Climate Action

Dr. Oliver Marchand on what MCSI is doing to help investors transition to net zero

After the Sustainable Innovation Forum 2021, Climate Action caught up with Dr. Oliver Marchand, Global Head of ESG and Climate Research & Development at the MSCI Climate Risk Center, to discuss what MCSI is doing to help investors transition to net zero.

  • 01 November 2021
  • Rachel Cooper

After the Sustainable Innovation Forum 2021, Climate Action caught up with Dr. Oliver Marchand, Global Head of ESG and Climate Research & Development at the MSCI Climate Risk Center, to discuss what MCSI is doing to help investors transition to net zero.

As we approach the final days before COP26, what is one key thing you believe is critical to be done over the course of the next decade?

I think it’s critical that countries form a 2°C-aligned, or if possible, a 1.5°C -aligned plan to reduce emissions through their nationally determined contributions, or NDCs. The current NDCs are at a 2.4°C to 2.6°C level, which is simply not sufficient. We need to do two things as a global community: To create these NDCs that are 2°C and 1.5°C-aligned. And then comes the hard part: We need to put those plans into reality and really make them work.

Our MSCI Net-Zero Tracker shows that the annual emissions of listed companies are still at 2013 levels, even though in the past eight years there has been a concerted effort to place climate change at the top of the global agenda. What does that mean in practice? Listed companies would need to cut their carbon intensity by about 10% each year between now the year 2050 to limit global warming to 1.5°C. That is a monumental task but it’s what we have to do.

What can investors and companies be doing to up the urgency?

They can first look at and analyze their investments. The three most important dimensions to analyze are exposure to climate change, impact on climate change, and risk levels with respect to climate change. Once they've done the analysis, they have a number of strategies at their disposal. One is reallocation of capital to the decarbonizing companies and away from those that are moving too slowly or not acting at all. Another one is engagement with companies - they can put pressure on boards and management to transform their business models. And the third one is working with regulators and other stakeholders on better reporting and better metrics.

There is also a need for companies to transition their operations, products and services to a net-zero business model as quickly as possible. All companies need to set emissions-reduction targets covering both their direct and supply-chain emissions, as well as those caused by use of their products.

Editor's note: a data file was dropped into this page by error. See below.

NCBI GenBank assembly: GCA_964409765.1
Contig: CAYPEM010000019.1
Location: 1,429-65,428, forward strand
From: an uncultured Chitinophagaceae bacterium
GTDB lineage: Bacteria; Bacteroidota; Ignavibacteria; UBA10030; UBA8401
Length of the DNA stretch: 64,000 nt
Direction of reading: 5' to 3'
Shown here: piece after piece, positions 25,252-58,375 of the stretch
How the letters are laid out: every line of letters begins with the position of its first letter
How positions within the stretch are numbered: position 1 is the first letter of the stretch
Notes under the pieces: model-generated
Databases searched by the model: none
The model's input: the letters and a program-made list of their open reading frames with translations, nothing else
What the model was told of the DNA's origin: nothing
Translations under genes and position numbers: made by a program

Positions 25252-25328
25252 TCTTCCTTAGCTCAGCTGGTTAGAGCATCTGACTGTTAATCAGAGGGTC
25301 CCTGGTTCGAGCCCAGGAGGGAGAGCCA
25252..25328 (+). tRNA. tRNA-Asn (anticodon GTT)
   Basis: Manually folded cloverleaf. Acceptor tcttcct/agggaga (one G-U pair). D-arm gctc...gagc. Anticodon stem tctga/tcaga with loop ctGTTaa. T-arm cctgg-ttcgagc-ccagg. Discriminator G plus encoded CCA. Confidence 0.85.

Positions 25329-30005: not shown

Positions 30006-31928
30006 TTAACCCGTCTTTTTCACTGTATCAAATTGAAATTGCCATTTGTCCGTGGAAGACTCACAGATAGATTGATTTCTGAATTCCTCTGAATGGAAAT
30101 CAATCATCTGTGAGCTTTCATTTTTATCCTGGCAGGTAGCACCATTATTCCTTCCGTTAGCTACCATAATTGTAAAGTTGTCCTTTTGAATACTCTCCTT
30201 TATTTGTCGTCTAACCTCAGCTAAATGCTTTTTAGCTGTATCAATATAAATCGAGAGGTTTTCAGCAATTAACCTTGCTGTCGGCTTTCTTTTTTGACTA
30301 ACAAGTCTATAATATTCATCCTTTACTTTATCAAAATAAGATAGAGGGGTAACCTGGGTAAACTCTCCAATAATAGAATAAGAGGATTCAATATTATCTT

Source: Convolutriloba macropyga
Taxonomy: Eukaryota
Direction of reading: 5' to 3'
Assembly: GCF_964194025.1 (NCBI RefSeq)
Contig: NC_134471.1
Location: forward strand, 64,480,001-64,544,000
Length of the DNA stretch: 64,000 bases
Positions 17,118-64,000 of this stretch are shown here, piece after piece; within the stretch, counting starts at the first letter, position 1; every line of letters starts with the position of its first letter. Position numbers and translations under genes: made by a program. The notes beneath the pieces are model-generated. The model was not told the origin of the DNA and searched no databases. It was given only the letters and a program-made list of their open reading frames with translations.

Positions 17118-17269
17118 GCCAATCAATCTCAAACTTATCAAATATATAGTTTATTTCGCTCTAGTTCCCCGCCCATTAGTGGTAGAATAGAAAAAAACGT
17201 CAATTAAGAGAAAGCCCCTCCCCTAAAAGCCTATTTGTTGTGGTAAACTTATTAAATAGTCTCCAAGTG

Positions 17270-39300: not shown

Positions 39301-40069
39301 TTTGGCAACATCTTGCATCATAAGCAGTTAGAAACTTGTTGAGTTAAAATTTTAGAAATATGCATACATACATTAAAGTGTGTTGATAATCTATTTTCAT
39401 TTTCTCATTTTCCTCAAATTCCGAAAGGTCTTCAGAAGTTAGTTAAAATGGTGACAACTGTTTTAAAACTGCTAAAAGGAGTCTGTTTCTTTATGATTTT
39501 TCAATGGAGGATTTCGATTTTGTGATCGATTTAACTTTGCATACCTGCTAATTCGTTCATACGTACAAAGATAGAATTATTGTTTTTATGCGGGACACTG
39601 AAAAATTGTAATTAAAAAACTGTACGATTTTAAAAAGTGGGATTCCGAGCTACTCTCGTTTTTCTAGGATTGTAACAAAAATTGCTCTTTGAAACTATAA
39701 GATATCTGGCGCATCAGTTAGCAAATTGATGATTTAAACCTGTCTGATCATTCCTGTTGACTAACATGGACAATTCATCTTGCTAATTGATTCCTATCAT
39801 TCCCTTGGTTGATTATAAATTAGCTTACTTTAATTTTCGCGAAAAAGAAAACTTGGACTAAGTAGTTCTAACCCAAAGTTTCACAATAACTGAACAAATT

Overall, it’s a complicated task. If we say, for example, that the five most important sectors that need to decarbonize over the next 30 years are real estate, energy, production, transportation and food – then each of these sectors is a decarbonization world by itself. We need to employ all solutions available to succeed with the transition to a net-zero world.

What is MSCI doing to support the transition? What do investors need in this net-zero revolution?

We have a large set of metrics and tools available for investors to work with. It starts with collecting data on companies’ targets and carbon footprints, analyzing portfolios based on their carbon footprint and risk levels, modeling transition and physical risk – all the way to very complex temperature alignment metrics, so that we can actually determine the temperature of a portfolio.

We have just launched our newest version of implied temperature rise. We equip investors with the implied temperature rise of nearly 10,000 listed companies to determine the alignment of their portfolios with global temperature targets. We are also proud to be a leader in ESG and climate transparency. So, ahead of COP26, we have made the implied temperature rise of over 2,900 listed companies, the constituents of the MSCI ACWI Index, publicly available on our website.

Why is this an important metric? Why do you think it will be significant?

We believe Implied temperature rise is an important metrics when it comes to looking at investments and climate change. Because the overall goal of climate change mitigation is to limit global warming, and that is a question of emissions and temperature. Implied temperature rise is designed to be aligned with this objective. It also speaks best to most people without the need to go into a long explanation of risk models or emissions levels. Everybody sort of understands that a portfolio temperature of 1.5 degrees is much better than 6 degrees. So it's the relevance and the user friendliness of the metric that makes it so interesting.

We expect that implied temperature rise metrics will be at the top of the agenda at COP26, and in the best case might even make it directly into the Paris Agreement as a proposed tool for investors to employ.

How did you integrate sustainability into your career path, and why does this topic hold such meaning to you personally?

In my academic studies, I studied computer science and meteorology. So I was in a unique position to have heard about climate change in the year 1992 already. This was long before Al Gore’s well-known movie “An Inconvenient Truth,” which made the broader public aware of climate change. I've been following the debate for three decades! Then, 15-20 years ago, when it became crystal clear that climate change was a major crisis, I wanted to be part of the solution. So I used the skills that I had to think about what the best leverage that I could have to help with this global issue.

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